Cosmonaut Reveals If Russian Spacemen are Instructed on How to Greet Extraterrestrials


As one of the world’s major space powers, Russia has done its part helping humanity search for extraterrestrial life, recently beginning the construction of a powerful telescope capable of searching for signals coming from distant alien civilisations.

Russian cosmonauts have not been given any special instructions when it comes to greeting aliens, but would try to do so in a diplomatic matter, cosmonaut Sergei Kud-Sverchkov has said.

Kud-Sverchkov will join mission commander Sergei Ryzhikov in Expedition 64 to the International Space Station in October as a flight engineer.  This will be his first flight to space.

The Soyuz MS-17 spacecraft will carry the two Russian cosmonauts and NASA astronaut Kathleen Rubins to the ISS aboard a Soyuz-2.1a carrier rocket blasting off from the Baikonur Cosmodrome in Kazakhstan on October 14, with the spacecraft expected to reach its destination in a record 3 hours, 20 minutes.

Launch of the ‘Soyuz-2.1a’ rocket carrier with the ‘Soyuz MS-16’ capsule carrying the ISS-63 crew from the Baikonur cosmodrome.

Kud-Sverchkov says a knitted cosmonaut doll named Yuri will become the mascot for Expedition 64, with the doll knitted by his wife, and named after Yuri Gagarin, the first human being in space.

Mission commander Ryzhikov told reporters that he would take with him a miniaturized Gospels, as well as a handful of Russian soil and stones from Mount Tabor, which Christians believe was the site of the transfiguration of Jesus following his resurrection.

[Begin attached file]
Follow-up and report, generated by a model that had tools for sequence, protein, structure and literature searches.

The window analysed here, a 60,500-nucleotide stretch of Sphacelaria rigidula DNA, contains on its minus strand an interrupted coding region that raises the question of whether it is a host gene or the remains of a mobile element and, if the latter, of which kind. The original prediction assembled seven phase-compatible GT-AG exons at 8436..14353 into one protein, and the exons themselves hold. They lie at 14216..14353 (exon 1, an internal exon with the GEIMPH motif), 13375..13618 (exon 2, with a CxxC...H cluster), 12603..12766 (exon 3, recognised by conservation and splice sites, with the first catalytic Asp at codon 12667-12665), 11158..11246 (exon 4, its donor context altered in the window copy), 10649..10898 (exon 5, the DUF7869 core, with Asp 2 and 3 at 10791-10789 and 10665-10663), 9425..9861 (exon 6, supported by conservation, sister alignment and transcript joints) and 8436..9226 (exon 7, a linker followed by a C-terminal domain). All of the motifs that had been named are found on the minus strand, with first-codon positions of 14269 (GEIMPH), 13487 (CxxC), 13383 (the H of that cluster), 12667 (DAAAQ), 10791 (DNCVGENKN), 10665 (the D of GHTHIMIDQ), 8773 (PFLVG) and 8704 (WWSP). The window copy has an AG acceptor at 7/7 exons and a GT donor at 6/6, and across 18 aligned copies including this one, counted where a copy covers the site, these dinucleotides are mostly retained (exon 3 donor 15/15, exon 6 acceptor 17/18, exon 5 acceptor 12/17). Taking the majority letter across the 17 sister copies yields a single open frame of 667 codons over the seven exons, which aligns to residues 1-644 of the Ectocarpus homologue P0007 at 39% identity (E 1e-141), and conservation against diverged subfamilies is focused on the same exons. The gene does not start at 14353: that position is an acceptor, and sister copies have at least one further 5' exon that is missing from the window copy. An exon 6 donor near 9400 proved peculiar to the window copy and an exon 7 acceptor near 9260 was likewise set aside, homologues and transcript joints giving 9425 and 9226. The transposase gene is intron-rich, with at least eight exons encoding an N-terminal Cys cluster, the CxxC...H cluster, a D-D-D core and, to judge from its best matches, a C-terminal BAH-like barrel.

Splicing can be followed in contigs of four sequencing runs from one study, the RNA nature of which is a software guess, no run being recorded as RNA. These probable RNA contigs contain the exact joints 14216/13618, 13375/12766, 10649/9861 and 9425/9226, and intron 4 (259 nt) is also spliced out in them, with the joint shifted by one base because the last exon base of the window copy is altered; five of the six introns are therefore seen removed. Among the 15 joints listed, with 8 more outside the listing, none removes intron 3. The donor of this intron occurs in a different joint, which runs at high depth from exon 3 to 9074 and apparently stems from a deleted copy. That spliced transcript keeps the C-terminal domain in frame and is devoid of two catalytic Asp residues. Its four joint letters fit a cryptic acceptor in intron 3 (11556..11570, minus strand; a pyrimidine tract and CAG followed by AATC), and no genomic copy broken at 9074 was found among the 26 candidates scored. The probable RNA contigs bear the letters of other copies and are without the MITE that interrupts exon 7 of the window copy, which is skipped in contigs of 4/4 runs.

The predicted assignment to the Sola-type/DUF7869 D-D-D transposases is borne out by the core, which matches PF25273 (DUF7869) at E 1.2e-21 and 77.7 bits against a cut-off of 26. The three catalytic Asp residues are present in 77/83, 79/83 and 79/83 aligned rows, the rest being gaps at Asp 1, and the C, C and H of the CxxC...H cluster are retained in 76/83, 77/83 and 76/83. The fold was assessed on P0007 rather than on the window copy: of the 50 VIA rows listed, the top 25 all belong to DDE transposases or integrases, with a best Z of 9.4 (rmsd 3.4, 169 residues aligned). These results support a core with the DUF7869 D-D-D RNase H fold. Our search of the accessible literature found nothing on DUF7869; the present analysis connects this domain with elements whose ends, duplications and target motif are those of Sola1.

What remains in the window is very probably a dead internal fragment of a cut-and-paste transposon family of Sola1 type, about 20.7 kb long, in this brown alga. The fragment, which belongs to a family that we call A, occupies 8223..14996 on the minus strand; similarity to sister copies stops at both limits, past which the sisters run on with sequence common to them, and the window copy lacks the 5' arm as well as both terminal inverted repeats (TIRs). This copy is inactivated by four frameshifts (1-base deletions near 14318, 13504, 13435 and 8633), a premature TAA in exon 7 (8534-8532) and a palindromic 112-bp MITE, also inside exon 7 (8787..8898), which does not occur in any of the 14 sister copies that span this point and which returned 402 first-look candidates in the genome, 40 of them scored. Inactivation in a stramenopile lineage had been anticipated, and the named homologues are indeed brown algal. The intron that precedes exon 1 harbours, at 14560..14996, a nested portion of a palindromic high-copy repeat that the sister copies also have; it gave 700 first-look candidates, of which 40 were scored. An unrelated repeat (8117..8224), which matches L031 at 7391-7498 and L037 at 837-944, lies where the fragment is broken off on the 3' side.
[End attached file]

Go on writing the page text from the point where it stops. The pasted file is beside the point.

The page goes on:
For her part, NASA astronaut Kathleen Rubins said her plans include work collecting thousands of microbial samples inside the space station, and revealed that she plans to vote in the US presidential election from aboard the ISS.

Ryzhikov, Kud-Sverchkov and Rubins will be joined by three more NASA astronauts and a Japanese astronaut, who will make their way to the ISS in a SpaceX Crew Dragon capsule shortly after the Soyuz craft’s arrival. The mission will last until April 2021. Mission plans include work to activate the Bartolomeo scientific platform outside the European Space Agency’s Columbus lab module.

Kud-Sverchkov’s comments on whether there are any special directives for greeting extraterrestrials aren’t the first time a Russian cosmonaut has commented on the matter. In 2012, veteran cosmonaut Gennady Padalka told Chinese media that “detailed instructions” had been created at the United Nations “in case of first contact.” He added at the time that “sooner or later we will meet our like-minded brothers” from another planet.

Russian scientists have joined those from other countries in the search for extraterrestrial life, making plans to launch multiple new scientific missions to the Moon, Mars and Venus, and, earlier this year, announcing the construction of a high-powered telescope that can be used to search for signals from extraterrestrial civilizations transmitted in the optical spectrum.


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